Though it’s suffered from a bit of an identity crisis, having changed its name because of pressures from bordering nations, what was once called the Former Yugoslavian Republic of Macedonia (FYROM) has now embraced what they hope to be their final moniker: North Macedonia.
A bit off the radar for tourists, North Macedonia boasts some of the most incredible landscapes and historical cities in all of the Balkan countries, and huge initiatives into refurbishing infrastructure have left them poised to invite the world for a visit.
With more airlines scheduling flights into Skopje International Airport, it’s never been easier to go, so here’s an overview of some beautiful places in North Macedonia that you may want to add to your itinerary.
Tucked into a valley ringed by mountains, Skopje, the capital and largest city in North Macedonia, is the recipient of a recent government-funded facelift as part of an initiative beginning in 2014. A massive earthquake razed much of the city in 1963, taking with it many of its historical monuments and classical buildings. As the city was reconstructed, a largely brutalist aesthetic began to take shape, but in an effort to re-establish it as a proper national capital, several neoclassical buildings and a plethora of enormous monuments were constructed.
One of the few sites not destroyed in the earthquake is the Old Bazaar. Spanning the distance between the Stone Bridge and the Fortress Kale, it has been in continuous operation since the 12th century and is easily the oldest market in the Balkans.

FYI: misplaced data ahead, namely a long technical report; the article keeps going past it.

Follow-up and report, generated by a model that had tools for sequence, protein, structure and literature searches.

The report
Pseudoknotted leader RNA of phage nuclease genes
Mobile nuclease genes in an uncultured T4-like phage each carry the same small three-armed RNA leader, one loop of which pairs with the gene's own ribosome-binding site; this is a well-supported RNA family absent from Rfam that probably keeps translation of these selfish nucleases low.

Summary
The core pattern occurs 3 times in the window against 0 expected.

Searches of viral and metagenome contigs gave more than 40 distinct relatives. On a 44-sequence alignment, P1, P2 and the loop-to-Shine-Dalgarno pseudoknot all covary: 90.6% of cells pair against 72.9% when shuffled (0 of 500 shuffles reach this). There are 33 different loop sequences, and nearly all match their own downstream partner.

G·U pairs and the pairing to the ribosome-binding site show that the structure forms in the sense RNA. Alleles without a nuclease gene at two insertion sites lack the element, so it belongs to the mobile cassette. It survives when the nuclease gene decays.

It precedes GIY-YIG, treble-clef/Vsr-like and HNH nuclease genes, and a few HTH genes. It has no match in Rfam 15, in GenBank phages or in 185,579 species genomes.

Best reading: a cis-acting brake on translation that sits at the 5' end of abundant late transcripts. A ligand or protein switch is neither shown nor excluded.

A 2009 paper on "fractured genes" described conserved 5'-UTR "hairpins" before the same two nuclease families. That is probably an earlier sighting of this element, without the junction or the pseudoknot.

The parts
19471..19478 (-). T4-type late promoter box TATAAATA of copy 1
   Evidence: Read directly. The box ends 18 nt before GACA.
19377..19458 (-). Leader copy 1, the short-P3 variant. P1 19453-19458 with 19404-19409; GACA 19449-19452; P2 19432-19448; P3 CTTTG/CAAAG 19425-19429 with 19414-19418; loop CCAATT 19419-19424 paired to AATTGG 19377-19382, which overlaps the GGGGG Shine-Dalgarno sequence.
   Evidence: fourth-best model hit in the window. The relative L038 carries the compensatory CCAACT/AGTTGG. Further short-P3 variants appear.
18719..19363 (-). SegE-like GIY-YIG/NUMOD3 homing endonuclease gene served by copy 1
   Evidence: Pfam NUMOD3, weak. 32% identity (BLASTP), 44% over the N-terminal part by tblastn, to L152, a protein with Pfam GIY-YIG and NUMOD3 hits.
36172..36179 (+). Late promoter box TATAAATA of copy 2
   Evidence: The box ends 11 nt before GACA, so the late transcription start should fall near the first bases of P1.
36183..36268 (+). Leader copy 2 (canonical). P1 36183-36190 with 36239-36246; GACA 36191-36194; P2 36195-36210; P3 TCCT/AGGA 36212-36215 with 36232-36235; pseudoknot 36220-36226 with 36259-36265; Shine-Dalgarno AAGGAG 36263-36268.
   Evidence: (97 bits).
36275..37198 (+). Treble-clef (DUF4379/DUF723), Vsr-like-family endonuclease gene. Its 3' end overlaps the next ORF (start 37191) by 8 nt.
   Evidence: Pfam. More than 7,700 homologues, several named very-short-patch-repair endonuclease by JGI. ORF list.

While Tetovo is currently experiencing a bit of an industrial and tech boom, you’ll still find some dramatic and important ottoman sites, a holdover from a different time. Certainly, the Šarena Džamija (The Painted Mosque) and the Baltepes Fortress are both worth a visit, the views from the latter, as it is set atop Baltepes hill, are phenomenal.
Tetovo is the home of the popular Macedonian dish, tavče gravče: a hearty and meticulously prepared stew of beans, onion, and paprika, sometimes with a bit of bacon or suho meso, a Balkan variety of smoked pork. It is cooked and served in a traditional earthenware pot, which will arrive at your table at one of Tetovo’s many traditional restaurants piping hot from the oven.
A popular summer vacation spot within the largest national park in Macedonia, Mavrovo Lake boasts a curious feature: the remains of an abandoned church, now half-submerged in the waters. Called the Church of Saint Nicolas, it was originally built in the 19th century, but after the construction of a nearby dam flooded the area creating the lake, it had to be abandoned, and now only exists as a tourist attraction.
If you go in the winter, you can pay a visit to Resort Mavrovo near the south end of the lake for excellent skiing. With three hotels, a ski center, and 5,000 meters of groomed slopes, it’s one of the most renowned ski areas in the region.
Throughout the Šar Mountain range you’ll find ample hiking trails and opportunities for mountaineering; the landscape has long been a favorite of European backpackers and thru-hikers because of the incredible vistas.
The range also boasts the Popova Šapka ski resort. Though a bit sparse by contemporary measures, what it lacks in facilities it makes up for in access to some of the best backcountry skiing in the world. For the ultra-adventurous, and quite advanced, this resort offers an untouched landscape of wild, off-piste skiing, famous for its pristine powder and challenging terrain.
One of Europe’s deepest lakes, Lake Ohrid is a favorite of summer vacationers throughout the Balkans. On the Macedonian side of the lake, you’ll find the largest towns are Struga and its namesake city, Ohrid. On a calm day, the incredibly clean and clear waters of the lake can be so placid that they resemble a giant mirror, so be sure to get at least one hike up into the regions’ hills to get a glimpse of it from above. In Ohrid, an easy hike up to The Church of St. John at Kaneo or Tzar Samuel’s fortress will offer views in spades.